Thursday, May 17, 2007

Before Thomas Jefferson

Before the Declaration of Independence, there was the Mecklenburg Declaration, signed May 20, 1775. Historian David McCollough, author of John Adams and 1776, was in Charlotte today commemorating the event, and unlike some historians -- and Jefferson himself -- believes the document is authentic.

Not quite that early, but very close to home, is the following brief statement that was signed on June 4, 1775, only fifteen days on the heels of the "Mec Dec":

The actual commencement of hostilities by the Britsh troops in the bloody scenes April, 19 last, was Boston, the increase of arbitrary impoisitions from a wicked and despotic ministry – and the dread of instigated insurrection in the colonies are causes sufficient to drive an oppressed people to the use of arms.

We, therefore the subscribers, inhabitants of South Carolina holding ourselves bound by the most sacred of all obligations, the duty of good citizens toward an injured country and thoroughly convinced under our present distressed circumstances we shall be justified before God and man in resisting force by force, do unite ourselves under every tie of religion and of honor and associate as a band at her defense against every foe; hereby solumnly engaging that wherever our continental or provincial counsils shall decree it necessary, we go forth and be ready to sacrifice our lives and fortunes to secure her freedom and safety. This obligation is to continue in full force till reconciliation shall take place between Great Britain and America, upon constitutional priniples, an event which we most ardently desire and we will hold all those persons inimical to the liberty of the colonies who shall refuse to subscribe to this association. [1]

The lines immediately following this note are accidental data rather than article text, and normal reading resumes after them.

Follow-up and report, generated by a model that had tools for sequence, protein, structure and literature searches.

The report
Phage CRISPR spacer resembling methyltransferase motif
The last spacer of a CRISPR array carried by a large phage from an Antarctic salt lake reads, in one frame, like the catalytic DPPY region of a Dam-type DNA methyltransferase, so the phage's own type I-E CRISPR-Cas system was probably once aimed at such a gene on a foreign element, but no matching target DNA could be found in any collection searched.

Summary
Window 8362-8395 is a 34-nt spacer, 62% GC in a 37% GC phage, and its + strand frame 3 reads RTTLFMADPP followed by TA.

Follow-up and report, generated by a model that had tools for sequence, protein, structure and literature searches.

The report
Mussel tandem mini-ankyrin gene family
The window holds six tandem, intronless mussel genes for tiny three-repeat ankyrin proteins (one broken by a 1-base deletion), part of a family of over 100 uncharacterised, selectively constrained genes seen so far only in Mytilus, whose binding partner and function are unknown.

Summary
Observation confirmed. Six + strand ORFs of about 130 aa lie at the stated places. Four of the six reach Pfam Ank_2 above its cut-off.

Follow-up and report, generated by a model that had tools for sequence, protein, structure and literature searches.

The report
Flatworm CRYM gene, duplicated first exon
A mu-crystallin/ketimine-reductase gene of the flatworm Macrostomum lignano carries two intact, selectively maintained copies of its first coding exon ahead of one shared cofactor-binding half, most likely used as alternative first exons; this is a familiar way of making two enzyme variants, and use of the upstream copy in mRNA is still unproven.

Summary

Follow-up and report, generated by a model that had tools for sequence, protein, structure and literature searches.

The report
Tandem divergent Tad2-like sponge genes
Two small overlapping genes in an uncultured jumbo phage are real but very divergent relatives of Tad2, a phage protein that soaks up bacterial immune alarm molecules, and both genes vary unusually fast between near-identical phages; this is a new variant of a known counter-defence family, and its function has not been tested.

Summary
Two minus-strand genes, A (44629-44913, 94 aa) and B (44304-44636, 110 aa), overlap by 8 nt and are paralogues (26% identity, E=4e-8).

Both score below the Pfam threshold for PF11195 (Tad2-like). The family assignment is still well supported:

Not quite as distinct as the Mecklenburg document, and holding out a hope of reconciliation which the Mecklenburg signers didn't, but drawing a line on principle nevertheless.

We may have a family connection to the Mecklenburg Declaration -- several of the signatories were named Alexander, and there are Alexanders in the Smith side of the family though all the relationships haven't been sorted out yet.

However, the declaration from South Carolina was signed by several direct and collateral ancestors on the Young side --
  • Four named Singleton, including Matthew, John, Joseph, and Robert Singleton (my 6g-grandfather);
  • Josiah and Caleb Gayle (likely brothers of Robert Singleton's wife Sarah Gayle); and
  • Thomas and Richard Bradford (thought to be my 6g- and 7g-grandfathers; Thomas Bradford's son Richard married Robert Singleton's daughter Elizabeth).
  • There were also Wrights and Rodgers in the list though I'm not sure about them.

So if Charlotte has its May 20th Society, perhaps the Youngs can celebrate June 4th.


[1] McCrady's South Carolina, vol.,II, p. 792; quoted in Hugh Charles Haynsworth, Haynsworth-Furman and allied families: (including ancestry and descendents of Sarah Morse Haynsworth) (Sumter, SC: Osteen Publishing Co.., 1942), 39-40.

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